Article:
APE – the Asperger Parenting Experience

The Life and Times of one Asperger Parent

IEP for ASD Parent-Teacher Conference cliffs notes

Posted by Patrick on 19 October 2008

This post also appears in my journal on Trusera

I went to the first kindergarten parent-teacher conference for my AS son today; although this is not the first time I’ve done conferences (2 years of them in preschool), this IS the first one I’ve attended where there is 1) an established, finalized IEP and 2) an official diagnosis of Asperger’s Syndrome from a developmental child psychologist. Here are my notes, intended to serve as a guidepost for other parents who may be experiencing this for the first time.

I should say, my child has AS and attends a “regular” public elementary school. I visited a few special schools for more ASD-style therapeutic learning opportunities, but his IEP indicates 80%+ regular classroom (he actually takes 2hr/wk out of class), so I couldn’t justify the (wow, large) expense of the optional school.

The typically-developing child’s conference is a meeting with just the teacher and possibly a teacher’s aide. My meeting was attended by the teacher, the speech-language pathologist, the ECSE, and one of the district psychologists, as well as the dean of students. Don’t be overwhelmed by the folks who are there to both give out and receive information; they truly represent the child’s full range of experiences while at school and can offer a varying opinion base as to why certain situations may be more troubling than others.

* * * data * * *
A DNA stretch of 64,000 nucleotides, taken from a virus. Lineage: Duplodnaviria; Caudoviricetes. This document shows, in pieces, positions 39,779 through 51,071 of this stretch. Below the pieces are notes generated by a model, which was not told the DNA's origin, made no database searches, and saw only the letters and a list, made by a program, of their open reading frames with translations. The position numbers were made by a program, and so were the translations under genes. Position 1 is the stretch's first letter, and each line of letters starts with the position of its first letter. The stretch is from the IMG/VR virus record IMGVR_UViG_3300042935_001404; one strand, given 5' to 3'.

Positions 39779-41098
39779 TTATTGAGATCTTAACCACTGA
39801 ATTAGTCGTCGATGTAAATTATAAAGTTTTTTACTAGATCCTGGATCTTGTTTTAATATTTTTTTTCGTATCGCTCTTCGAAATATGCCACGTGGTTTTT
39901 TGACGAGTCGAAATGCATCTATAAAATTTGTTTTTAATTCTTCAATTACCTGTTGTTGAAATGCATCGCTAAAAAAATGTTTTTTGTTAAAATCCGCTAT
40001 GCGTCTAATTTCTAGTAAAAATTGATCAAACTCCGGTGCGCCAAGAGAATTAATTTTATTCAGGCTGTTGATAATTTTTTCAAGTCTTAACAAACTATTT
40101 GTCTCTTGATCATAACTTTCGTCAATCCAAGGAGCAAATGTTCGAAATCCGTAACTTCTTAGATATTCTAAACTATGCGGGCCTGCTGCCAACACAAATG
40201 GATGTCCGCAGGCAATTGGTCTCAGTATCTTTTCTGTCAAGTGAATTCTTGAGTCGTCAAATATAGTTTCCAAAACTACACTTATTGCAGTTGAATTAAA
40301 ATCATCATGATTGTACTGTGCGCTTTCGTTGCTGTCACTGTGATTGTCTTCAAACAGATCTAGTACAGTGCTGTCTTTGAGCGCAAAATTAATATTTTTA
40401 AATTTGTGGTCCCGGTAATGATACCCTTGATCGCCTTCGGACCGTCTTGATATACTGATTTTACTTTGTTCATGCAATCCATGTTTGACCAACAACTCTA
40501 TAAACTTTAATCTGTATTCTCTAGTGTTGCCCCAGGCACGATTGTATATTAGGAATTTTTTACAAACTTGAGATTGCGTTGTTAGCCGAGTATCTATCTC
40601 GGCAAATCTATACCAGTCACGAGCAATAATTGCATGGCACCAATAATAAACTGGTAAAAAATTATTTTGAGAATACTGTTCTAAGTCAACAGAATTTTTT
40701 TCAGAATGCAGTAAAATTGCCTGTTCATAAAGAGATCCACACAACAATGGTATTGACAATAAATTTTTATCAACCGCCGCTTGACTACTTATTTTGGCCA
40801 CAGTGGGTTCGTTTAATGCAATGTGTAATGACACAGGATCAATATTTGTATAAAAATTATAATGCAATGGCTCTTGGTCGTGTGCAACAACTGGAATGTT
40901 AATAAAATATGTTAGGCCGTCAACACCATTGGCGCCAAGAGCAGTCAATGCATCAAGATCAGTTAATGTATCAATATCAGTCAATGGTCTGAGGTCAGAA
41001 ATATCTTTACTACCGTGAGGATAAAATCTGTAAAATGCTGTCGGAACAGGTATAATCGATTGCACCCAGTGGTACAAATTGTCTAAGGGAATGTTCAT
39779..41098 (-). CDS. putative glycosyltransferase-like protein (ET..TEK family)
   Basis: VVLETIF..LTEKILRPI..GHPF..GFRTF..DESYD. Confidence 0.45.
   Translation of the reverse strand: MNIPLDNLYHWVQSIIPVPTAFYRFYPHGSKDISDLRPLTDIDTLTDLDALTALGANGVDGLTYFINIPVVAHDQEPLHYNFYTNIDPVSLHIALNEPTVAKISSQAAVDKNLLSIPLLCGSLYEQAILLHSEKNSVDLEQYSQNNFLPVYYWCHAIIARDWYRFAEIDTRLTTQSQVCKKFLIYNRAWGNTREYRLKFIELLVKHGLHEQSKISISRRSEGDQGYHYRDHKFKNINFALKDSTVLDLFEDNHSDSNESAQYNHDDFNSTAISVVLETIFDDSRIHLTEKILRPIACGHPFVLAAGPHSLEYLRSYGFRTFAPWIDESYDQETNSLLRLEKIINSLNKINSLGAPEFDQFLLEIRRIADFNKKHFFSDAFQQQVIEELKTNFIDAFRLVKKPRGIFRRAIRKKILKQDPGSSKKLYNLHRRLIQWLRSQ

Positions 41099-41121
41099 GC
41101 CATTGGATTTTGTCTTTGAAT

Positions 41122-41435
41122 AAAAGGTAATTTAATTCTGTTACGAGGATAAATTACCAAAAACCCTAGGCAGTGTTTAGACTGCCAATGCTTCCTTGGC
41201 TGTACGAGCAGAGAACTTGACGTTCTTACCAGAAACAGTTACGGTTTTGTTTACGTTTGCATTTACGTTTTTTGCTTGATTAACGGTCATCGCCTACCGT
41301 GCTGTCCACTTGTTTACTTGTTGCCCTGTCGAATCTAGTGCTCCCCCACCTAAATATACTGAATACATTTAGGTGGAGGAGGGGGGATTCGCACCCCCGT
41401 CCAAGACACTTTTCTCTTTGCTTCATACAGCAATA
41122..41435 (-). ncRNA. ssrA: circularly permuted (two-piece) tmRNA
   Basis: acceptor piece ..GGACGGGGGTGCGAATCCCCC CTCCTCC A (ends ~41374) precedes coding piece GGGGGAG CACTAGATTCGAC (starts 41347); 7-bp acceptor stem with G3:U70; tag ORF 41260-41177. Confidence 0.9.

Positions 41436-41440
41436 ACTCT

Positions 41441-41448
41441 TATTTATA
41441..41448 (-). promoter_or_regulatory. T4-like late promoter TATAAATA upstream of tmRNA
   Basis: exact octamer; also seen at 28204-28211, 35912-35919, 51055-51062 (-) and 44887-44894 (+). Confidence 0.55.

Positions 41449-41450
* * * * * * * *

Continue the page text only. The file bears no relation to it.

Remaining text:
It always helps to have the child’s home experience in mind when listening to the descriptions of school interactions. If they are similar, good; if they are vastly different, start thinking about how they are situationally different. In my case, they are somewhat similar, but there is more structure at school so he is very successful in that mode.

Take notes. Ask questions, especially of the teacher. Hopefully the teacher will have a journal or some form of catalogue that demonstrates your kid’s progress over time. If they don’t, suggest it, even if it’s for your kid. If it gets testy, ask for an IEP review and document it there (and maybe consider if you’re at the right school).

Share your experiences at home with the child. The school staff only has half of your picture – when they are telling you about the school experience, you’re getting the whole picture and you will probably have a few “a ha”s – the school staff will likely have the same if you share some backstory with them.

If you are doing a full IEP review at the same time, ask for a copy of the meeting notes and make sure to reserve some time for thought about possible changes or time allocations to the SPED services that are available. For AS, many school districts have a social skills group that would be a great suggestion as part of the kid’s at-school experience. And – it never hurts to ask what the staff thinks should be changed, if anything; you may disagree with their opinion, but the IEP is yours to modify.

Hopefully these things help.


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